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Abstract

This study was made possible by the Best Environment Research Award granted to NPRP 09-546-2-206 at the QF Annual Research Forum in 2011. The disappearing Barchan dunes are the sole habitat to the eastern sandfish Scincus mitranus in Qatar. We hypothesized that each dune represents its own self-contained ecosystem, acting as an island habitat to the S. mitranus. For the first time in Qatar, a total of 108 sandfish were captured and tagged from 5 terrestrial and 3 coastal Barchan dunes in the south-eastern part of Qatar over a period of 10 months. DNA from the tails of 62 individuals was extracted for genetic analysis. The length of sandfish observed in the Barchans ranged from 6 to 29 cm, with a weight range of 2-47 g. Recapture data showed that there was no migration between dunes over 10 months, possibly indicating that each dune represents its own self-contained ecosystem. In contrast, based on the phylogenetic analyses performed using the genes 12S rRNA, cytochrome oxidase I (COI) and the composite (multi-locus) made of these 2 genes together, we conclude that there is no geographic clustering separation based on dune location. This indicates that dunes do not act as islands. Sandfish may move, procreate and cross-recruit among the dunes over a period greater than our survey time (>10 months) or when dunes collide and separate over longer time periods. We also found that Qatar sandfish form distinct and well separated clusters from the outgroup gene sequences of the Madagascar S. mitranus (COI gene) and the Saharan S. mitranus (12S rRNA gene). This is the first effort to characterize the ecology of the Scincus mitranus in Qatar through field surveys and metagenomic analyses and as such it serves as a baseline to future studies on this unique species.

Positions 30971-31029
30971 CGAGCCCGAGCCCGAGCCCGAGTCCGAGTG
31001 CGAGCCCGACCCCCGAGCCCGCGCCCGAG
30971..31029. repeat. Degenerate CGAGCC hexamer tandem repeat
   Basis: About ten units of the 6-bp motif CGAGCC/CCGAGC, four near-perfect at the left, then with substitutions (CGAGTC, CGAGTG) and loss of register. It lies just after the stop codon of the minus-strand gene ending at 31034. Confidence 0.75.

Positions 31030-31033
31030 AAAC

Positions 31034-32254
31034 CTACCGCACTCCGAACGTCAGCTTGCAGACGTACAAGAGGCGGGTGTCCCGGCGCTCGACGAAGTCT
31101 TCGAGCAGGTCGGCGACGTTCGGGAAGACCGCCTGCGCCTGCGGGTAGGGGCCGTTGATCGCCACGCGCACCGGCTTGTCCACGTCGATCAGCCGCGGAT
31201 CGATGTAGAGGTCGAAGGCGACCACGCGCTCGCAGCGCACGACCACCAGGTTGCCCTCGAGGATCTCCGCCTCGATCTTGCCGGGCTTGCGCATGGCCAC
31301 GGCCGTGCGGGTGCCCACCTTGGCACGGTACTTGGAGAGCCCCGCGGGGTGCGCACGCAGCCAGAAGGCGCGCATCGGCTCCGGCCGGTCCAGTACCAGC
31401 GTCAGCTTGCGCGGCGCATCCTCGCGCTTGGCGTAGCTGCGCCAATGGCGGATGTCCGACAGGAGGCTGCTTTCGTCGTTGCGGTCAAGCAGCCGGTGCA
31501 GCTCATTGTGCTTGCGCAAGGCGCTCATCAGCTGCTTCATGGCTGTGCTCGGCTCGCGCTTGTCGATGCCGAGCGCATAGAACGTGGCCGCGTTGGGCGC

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/content/papers/10.5339/qfarc.2014.EEPP0880
2014-11-18
2020-08-15
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http://instance.metastore.ingenta.com/content/papers/10.5339/qfarc.2014.EEPP0880
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